There is so little in this delicate game of TTC that we actually have control of, so when there is something that can improve our outcomes, it makes sense to act on it.
There isn’t a whole lot of information on supplements that can improve egg quality, but of what is known, I have summarized here. Obviously, I am posting this in my role as a blogger dealing with fertility challenges, and not as a physician.
Since follicles are recruited from “storage” as early as 90 days from when they are ovulated, supplementation is best started three months prior to when your IVF/IUI/BD is happening. In fact, most studies testing the efficacy of supplements on egg quality have subjects taking them for 3 months before their procedures.
Now, obviously, this isn’t always possible, but I don’t think it is an all-or-nothing kind of thing. For example, last cycle, I was doing an FET, so for several weeks, I was not taking these supplements. But I figure that giving my eggs 45 days of quality-improving support will be better than nothing. So don’t sweat it. Do what you can. After your eggs have been retrieved/ovulated, you stop these supplements.
So here’s what I am taking for this round of IVF:
Ubiquinol– this is the more active form of the antioxidant CoQ10. Doses that I have seen suggested range from 200mg to 600mg, going higher if your base egg quality is worse. I am taking 400mg daily, split up 200mg in the AM and 200mg in the PM. Warning: ubiquinol is very expensive.
Myoinositol aka Inositol – this supplement used to belong to the family of B vitamins but because it can be made by the body, they nixed its status. There have been positive studies on the use of Myoinositol for improving egg quality. The dose that was studied was 4 grams or 4000mg per day. Myoinositol at much greater doses has also been shown to be as effective as SSRIs in the treatment of mood disorders. I have taken mine in capsule form, 2 grams in the AM, 2 grams in the PM. The store I buy it from ran out of the capsules, so I am currently taking the same dose in powder form. I just have to measure it myself now.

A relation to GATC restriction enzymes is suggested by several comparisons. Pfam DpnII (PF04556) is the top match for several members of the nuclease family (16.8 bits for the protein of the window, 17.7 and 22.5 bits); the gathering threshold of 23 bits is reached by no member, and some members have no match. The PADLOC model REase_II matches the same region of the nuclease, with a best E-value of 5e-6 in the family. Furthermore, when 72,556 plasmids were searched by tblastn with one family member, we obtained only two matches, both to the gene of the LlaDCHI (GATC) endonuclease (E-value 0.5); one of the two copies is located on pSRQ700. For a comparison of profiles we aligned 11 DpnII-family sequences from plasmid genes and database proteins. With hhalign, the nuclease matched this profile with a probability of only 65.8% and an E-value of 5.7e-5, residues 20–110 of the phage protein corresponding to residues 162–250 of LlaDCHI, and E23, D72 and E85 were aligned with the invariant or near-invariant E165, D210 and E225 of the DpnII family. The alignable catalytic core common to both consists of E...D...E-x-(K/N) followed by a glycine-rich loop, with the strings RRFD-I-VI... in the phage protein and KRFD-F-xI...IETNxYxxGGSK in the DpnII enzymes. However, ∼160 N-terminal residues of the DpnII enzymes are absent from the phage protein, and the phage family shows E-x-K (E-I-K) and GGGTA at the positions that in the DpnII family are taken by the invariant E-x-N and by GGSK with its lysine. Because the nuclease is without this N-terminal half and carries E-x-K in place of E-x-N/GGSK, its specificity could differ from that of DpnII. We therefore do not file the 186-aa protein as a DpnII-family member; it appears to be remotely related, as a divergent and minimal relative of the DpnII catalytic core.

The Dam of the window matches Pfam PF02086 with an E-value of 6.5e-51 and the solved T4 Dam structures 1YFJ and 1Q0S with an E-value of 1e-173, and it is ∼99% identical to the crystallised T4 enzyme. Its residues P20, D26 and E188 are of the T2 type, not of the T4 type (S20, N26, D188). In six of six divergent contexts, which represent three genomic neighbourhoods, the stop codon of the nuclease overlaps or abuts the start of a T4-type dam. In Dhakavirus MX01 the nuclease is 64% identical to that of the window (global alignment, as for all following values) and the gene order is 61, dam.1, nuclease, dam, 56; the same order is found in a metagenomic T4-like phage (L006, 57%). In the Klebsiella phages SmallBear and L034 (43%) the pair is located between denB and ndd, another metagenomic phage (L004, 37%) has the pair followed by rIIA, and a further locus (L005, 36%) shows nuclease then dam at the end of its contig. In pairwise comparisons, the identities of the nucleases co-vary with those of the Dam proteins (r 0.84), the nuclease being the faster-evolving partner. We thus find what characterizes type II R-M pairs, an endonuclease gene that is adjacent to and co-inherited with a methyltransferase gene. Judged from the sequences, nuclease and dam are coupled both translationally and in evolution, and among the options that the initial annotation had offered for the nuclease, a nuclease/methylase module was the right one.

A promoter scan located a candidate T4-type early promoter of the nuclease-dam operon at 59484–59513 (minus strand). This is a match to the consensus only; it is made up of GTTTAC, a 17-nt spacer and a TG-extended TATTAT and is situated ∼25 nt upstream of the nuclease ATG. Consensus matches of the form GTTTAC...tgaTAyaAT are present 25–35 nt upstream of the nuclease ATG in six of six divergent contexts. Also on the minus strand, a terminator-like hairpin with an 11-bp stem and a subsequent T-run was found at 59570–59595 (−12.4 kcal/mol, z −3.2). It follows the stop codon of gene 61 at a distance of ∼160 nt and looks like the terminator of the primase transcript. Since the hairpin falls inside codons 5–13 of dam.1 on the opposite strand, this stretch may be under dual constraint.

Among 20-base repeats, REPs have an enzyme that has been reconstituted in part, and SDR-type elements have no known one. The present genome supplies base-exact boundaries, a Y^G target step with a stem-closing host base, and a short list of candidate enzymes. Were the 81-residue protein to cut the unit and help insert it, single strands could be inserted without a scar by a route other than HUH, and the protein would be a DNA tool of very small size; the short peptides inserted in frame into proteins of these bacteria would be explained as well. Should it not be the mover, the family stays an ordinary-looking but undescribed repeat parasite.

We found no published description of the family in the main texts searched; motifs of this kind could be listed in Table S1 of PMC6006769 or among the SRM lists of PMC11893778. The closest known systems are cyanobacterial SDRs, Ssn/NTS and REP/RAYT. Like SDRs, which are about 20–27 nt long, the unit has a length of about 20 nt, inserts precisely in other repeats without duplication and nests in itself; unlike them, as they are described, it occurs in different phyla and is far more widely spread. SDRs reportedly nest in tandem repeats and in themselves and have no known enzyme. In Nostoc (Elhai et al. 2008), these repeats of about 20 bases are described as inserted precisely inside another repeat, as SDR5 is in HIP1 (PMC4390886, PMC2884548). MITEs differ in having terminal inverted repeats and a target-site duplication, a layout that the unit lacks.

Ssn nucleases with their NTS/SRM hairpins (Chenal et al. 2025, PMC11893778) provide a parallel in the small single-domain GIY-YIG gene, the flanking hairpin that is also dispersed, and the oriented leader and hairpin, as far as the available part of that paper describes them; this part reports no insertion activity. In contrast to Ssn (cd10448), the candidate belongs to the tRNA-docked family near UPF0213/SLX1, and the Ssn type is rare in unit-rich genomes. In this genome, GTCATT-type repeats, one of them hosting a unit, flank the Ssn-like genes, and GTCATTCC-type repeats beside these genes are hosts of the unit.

Melatonin – follicle/egg samples taken from people with good egg quality have eggs that are bathed in naturally greater melatonin concentrations than those from people with lower quality eggs. 3mg is the recommended dose, taken at bedtime, as it can help with sleep. Be careful taking this if you are hypothyroid. Melatonin down-regulates (slows down) thyroid function, and thyroid function is super important in TTC. For example, my TSH level before tak
ing melatonin was 0.84, and after taking melatonin daily for a month, my TSH went up to 1.15! So it really does make a significant difference. Since 1.15 is still under the TSH limit for TTC of 2, I’m not worrying about it too much. Especially since I will be stopping it after egg retrieval.
Omega 3 Fish Oils – help to decrease inflammation, which is important in egg development. Inflammatory cytokines can compromise egg quality, and inflammation in general is bad. I have not found any solid suggestions for dosing, but I take a total combined dose of 1800mg daily. 900 mg in the AM, 900 mg in the PM. I took the same dose even before TTC. It is important to buy good quality brands. Ascenta is a good brand.
DHEA – I don’t take it, but there is research that shows that it can help with egg quality if you are found to have low levels of it. If you do not have low levels of it, it can do more harm than good. Generally, people who tend to produce lots of follicles (PCOS types) should not take this. I am not sure of dosages recommended.
Now there are some other supplements that I have seen recommended by trustworthy sources, but without the randomized controlled trials to back them up, I wasn’t going to spend the money.
I also think that food can be both healing and harming. I have major digestive issues, and when I eat something that triggers my immune system, I get major inflammation. It is noticeable the next day- my tattoos become puffy like braille, the fluid in my joints accumulates and becomes so sore that I feel pressure when I close my hand into a fist. As a result, I am doing my best to stay away from my food sensitives- gluten, dairy, fructans, and polyols. It is so hard, as I love the flavour of garlic and onions, and veggies like broccoli and brusselsprouts. But everyone is different, so just be aware of your food sensitivities and stay away from things that harm your gut.
Too much exercise can also cause problems, as increasing your metabolism causes free radicals and oxidative stress to happen. This can damage DNA in the long term, and I think is part of the reason why female athletes who had an exercise history of greater than 4 years prior to TTC had poorer IVF success. But of course, this is pure speculation, and really, the damage is done. Most women who have a BMI over 30 can benefit from regular exercise. What I’m talking about here is over-exercising to the point of stressing out your body. Like what I have been doing since the 1990’s, and still did until a few days ago.
Anyways, that’s all I’ve got. I hope you find this helpful. Stay tuned to see if 45 days on these supplements made a difference on my egg quality for the upcoming IVF#2 (predicted for end of January, early February).